What's the diagnosis? By Dr. Abby Renko


A 16 yo female presents with shortness of breath that started 2 days ago and worsened today.  She denies cough, fever, myalgias and her COVID test is negative.

BP 122/86, HR 122, SpO2 92%RA, RR26, Tep 98.6F

X-ray is shown.  What's the diagnosis?  Scroll down for answer.





Diagnosis :  Spontaneous Pneumothorax (right sided, in this case)







Primary - in patients without known lung disease

Secondary - in patients with known lung disease


Sudden, sharp, pleuritic chest pain with associated shortness of breath

Tachycardia, hypoxia

Risk factors

Smoking, genetic predisposition, blebs, COPD, asthma, HIV, malignancy, cystic fibrosis, connective tissue disease 


Physical exam - inconsistent, but may reveal diminished breath sounds on affected side

Chest x-ray - displaced pleural line with absent lung markings extending from visceral pleura (lung edge) to parietal pleura (chest wall)

Point of care ultrasound (POCUS) - absence of lung sliding and vertical reverberation (comet tail artifacts)


Hemothorax (2-7%)

Tension pneumothorax (a life threatening emergency)


Supplemental oxygen - increases pleural air resorption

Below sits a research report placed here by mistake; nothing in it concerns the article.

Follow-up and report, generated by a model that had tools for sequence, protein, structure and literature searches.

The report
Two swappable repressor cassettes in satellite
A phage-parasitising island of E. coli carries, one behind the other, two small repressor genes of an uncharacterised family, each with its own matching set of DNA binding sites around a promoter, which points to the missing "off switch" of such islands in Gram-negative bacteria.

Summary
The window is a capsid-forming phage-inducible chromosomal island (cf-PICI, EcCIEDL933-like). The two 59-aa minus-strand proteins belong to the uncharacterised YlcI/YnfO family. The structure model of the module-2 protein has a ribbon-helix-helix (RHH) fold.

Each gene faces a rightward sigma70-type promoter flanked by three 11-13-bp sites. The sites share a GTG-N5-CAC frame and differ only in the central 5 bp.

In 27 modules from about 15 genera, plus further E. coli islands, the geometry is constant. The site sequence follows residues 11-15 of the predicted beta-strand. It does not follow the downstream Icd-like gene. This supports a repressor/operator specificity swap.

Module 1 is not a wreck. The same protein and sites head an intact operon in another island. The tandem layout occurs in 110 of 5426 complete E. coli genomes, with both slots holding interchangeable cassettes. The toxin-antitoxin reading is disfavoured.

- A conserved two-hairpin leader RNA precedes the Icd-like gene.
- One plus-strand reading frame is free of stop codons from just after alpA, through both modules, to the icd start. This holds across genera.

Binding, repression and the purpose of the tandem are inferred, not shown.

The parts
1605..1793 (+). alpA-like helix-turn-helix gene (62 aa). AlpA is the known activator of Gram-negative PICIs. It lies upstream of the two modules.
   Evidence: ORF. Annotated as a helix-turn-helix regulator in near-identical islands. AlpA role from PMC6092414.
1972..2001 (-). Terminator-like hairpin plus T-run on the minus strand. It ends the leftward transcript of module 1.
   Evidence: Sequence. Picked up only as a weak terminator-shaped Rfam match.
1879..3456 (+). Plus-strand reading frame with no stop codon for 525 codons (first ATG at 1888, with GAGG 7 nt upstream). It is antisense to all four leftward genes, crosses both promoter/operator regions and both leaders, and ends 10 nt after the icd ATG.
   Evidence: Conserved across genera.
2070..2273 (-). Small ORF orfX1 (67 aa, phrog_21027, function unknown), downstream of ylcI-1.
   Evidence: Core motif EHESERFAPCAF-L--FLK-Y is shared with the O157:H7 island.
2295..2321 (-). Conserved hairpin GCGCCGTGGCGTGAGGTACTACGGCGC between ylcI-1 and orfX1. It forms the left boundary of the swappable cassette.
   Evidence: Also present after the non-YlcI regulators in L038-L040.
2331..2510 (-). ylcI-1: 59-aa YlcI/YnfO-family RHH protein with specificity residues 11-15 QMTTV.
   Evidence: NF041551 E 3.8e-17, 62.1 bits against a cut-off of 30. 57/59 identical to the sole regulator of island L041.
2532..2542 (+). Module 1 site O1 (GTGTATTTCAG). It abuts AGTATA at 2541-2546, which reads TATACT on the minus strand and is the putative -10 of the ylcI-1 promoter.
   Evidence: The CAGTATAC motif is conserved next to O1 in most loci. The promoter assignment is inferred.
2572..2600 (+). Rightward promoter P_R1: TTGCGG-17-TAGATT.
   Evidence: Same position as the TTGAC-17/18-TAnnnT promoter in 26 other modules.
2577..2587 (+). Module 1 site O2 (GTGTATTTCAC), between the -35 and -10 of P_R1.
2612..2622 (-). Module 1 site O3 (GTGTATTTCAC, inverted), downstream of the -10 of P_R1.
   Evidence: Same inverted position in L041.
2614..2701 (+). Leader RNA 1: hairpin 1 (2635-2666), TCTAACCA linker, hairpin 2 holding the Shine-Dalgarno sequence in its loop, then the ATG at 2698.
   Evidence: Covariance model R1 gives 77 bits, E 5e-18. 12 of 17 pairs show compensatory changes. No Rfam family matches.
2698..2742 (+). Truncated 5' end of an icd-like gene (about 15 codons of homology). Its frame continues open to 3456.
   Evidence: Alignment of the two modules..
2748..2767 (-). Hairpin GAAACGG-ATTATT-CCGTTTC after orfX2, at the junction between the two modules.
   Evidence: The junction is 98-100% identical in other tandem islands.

Small pneumothorax

Observe ~4 hours on oxygen and repeat x-ray

Follow up in 24 hours

Large pneumothorax (severe dyspneua, abormal vitals signs)

Needle aspiration (for primary spontaneous) - click here to review

may reduce hospitalization rate / shorten length of stay 

Chest tube thorocostomy - click here to review the procedure






Tintinalli, JE. Tintinalli's Emergency Medicine: A Comprehensive Study Guide. 8th ed. New York, NY: McGraw-Hill Education LLC, 2016.

Wan C, Lyu M, Zhou J, Liu Y, Ji Y, Chest tuve drainage versus needle aspiration for primary spontaneous pneumothorax: which is better? J Thoracic Dis. 2017; 9(10): 4027-4038.

Zehtabchi S, Rios C. Management of Emergency Department Patients with Primary Spontaneous Pneumothoraz: Needle Aspiration or Tube Thorocostomy. Annals of Emergency Medicine. 2008; 51(1): 91-100.